Thursday, January 20, 2011

Join the Conversation: First Class Post

Okay, this post is technically for a class (Sharing the Gospel on the Internet), but I'm going to try my best to write like it's old times and I don't have to do it for a grade :)

So here goes.

I've always loved technology, but haven't always been the type to jump on every single social media bandwagon that solicits my inbox. E-mail? Okay. Facebook? I guess I can deal with that. Texting? Okay, if you insist. Myspace? I already have a facebook. Twitter? I don't get it.

I tend to join sites that either help me meaningfully connect with my friends, that help me with my current interests/hobbies, or because of necessity in daily life. But I can't keep up with more than a few at one time, so I like to use sites that allow me freedom to multitask. Redundancy in sites gets just plain annoying. Typically on a social media site I am either there to coordinate activities, connect with friends, or learn new skills related to my interests.

Still, social media can be a powerful tool. As suggested by Elder Ballard, there is great potential to spread the gospel through social media. Sharing the gospel online has advantages and disadvantages with sharing the gospel through direct interpersonal interaction. Online, you can provide all kinds of information to people who are interested. You can even chat and answer people's questions directly. In the initial stages, sharing the gospel through the internet is a lot easier than face to face. Even later on in the investigation, and even in membership, it's a great supplement; but it can't last forever as the sole means of contact. At some point there is a need to have real, physical friends close by who can support you as you continue to grow in the gospel. In class, we skyped with some Missionaries at the MTC who share the gospel through digital media 24/7. The had some great stories and wonderful successes, but almost always social media worked alone only in the very beginning. They would teach the first one, maybe two lessons online and then invite the investgators to meet with missionaries in person. Afterward they would continue to work with the people online, but it was in combination with "ground zero" physical interaction.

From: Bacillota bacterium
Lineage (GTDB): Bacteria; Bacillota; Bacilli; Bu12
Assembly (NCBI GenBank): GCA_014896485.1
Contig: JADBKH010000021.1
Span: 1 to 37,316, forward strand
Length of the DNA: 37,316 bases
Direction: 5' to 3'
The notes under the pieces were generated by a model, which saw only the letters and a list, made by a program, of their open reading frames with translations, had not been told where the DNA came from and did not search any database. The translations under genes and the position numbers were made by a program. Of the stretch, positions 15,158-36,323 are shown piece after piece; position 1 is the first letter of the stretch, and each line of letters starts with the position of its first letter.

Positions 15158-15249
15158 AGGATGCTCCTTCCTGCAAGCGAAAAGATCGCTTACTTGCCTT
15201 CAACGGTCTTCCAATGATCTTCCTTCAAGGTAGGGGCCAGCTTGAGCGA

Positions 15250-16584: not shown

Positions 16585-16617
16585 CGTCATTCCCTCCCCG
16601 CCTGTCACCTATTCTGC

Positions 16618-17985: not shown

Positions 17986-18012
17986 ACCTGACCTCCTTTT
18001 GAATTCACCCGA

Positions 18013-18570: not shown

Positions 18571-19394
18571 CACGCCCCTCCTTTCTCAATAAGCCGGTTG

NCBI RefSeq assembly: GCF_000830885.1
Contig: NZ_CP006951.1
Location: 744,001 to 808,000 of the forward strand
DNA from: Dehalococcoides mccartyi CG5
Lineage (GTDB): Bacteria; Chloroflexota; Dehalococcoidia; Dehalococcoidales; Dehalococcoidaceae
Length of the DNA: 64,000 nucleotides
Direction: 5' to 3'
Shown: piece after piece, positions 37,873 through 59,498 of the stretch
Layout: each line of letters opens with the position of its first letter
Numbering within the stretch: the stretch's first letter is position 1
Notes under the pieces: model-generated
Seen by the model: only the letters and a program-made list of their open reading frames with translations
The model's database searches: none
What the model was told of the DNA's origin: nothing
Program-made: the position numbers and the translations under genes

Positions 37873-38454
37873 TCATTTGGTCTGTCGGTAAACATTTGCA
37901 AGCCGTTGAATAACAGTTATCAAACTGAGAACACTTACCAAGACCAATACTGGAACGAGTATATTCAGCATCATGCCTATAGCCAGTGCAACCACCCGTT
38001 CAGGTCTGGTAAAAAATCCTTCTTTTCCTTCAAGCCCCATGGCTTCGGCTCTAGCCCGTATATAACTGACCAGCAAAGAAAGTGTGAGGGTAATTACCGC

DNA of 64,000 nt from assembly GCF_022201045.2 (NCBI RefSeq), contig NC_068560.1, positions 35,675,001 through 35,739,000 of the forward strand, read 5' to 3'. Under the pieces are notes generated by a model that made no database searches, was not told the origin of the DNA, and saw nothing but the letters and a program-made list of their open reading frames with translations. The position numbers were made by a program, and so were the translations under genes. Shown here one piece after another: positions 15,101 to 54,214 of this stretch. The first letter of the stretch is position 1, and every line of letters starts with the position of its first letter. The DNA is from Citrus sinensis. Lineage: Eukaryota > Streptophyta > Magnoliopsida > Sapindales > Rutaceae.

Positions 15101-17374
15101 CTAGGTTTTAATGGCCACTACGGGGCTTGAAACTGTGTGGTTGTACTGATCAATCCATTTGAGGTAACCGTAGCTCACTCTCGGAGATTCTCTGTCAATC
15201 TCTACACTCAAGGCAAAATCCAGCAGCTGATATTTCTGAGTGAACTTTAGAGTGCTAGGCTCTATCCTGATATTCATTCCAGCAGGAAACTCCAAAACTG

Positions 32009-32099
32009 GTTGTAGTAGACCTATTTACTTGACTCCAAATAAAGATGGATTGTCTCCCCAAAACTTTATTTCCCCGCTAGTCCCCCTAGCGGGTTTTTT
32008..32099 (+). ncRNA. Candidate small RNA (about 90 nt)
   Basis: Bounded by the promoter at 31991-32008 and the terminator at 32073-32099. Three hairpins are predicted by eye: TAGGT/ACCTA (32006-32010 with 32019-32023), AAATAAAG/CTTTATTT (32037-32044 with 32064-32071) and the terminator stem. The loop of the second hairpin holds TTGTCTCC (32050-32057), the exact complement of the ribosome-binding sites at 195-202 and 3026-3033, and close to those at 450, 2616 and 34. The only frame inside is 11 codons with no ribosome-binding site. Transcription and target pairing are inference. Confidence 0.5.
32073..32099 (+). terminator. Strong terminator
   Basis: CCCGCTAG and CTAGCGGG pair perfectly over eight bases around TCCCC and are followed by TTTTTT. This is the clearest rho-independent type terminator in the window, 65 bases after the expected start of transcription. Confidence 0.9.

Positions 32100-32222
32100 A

1. finally some updates going on here ha,
    Umm, so, to be honest, if I had just randomly read this post somewhere, I would not have been able to guess that you wrote this right off, You have a different voice on this post, I've only seen glimpse of this version of tone from you very very few times so this was kind of different experience,, Either you didn't put much thought to this post and wrote it in a rush, or you have changed these days, or maybe it's just me.
    You haven't mentioned any details really, but I had always thought you at least made this blog to share the gospel by posting gospel art, and even on DeviantArt you always posted either gospel art or art that promotes good behavior, or your GreeniFire for example and how you wanted to share the gospel using your talents and abilities, I guess it comes so natural to have that motif for you that you don't even notice it as your motif? I don't know, for some reason this post didn't seem like it was you that wrote it, that's just my feeling though,,

  2. :) yeah, it was kind of rushed, and kind of incongruous with the rest of the blog. On top of that I was kind of stressed and upset about a couple of things when I wrote it, maybe that's what you heard . . . maybe I should change it

  3. Not being familiar with your voice, I don't hear the stress or upset-ness coming through, unless you're referring to comments like, "Redundancy in sites gets just plain annoying." But do you really have to be stressed to feel that way? I feel that way all the time...

    "Typically on a social media site I am either there to coordinate activities, connect with friends, or learn new skills related to my interests." I think this utilitarian view is completely appropriate. Why would you join a site when there's no apparent value there for you?

    And your point about things eventually needing to transition to face-to-face is right on. Elder Bednar's talk (,4945,538-1-4830-1,00.html) gets right to that point! Why mess around creating worlds and bodies for people if a completely virtualized experience would do? No, there's something specific about having and acting through a body that's of critical importance to the learning we need to do here...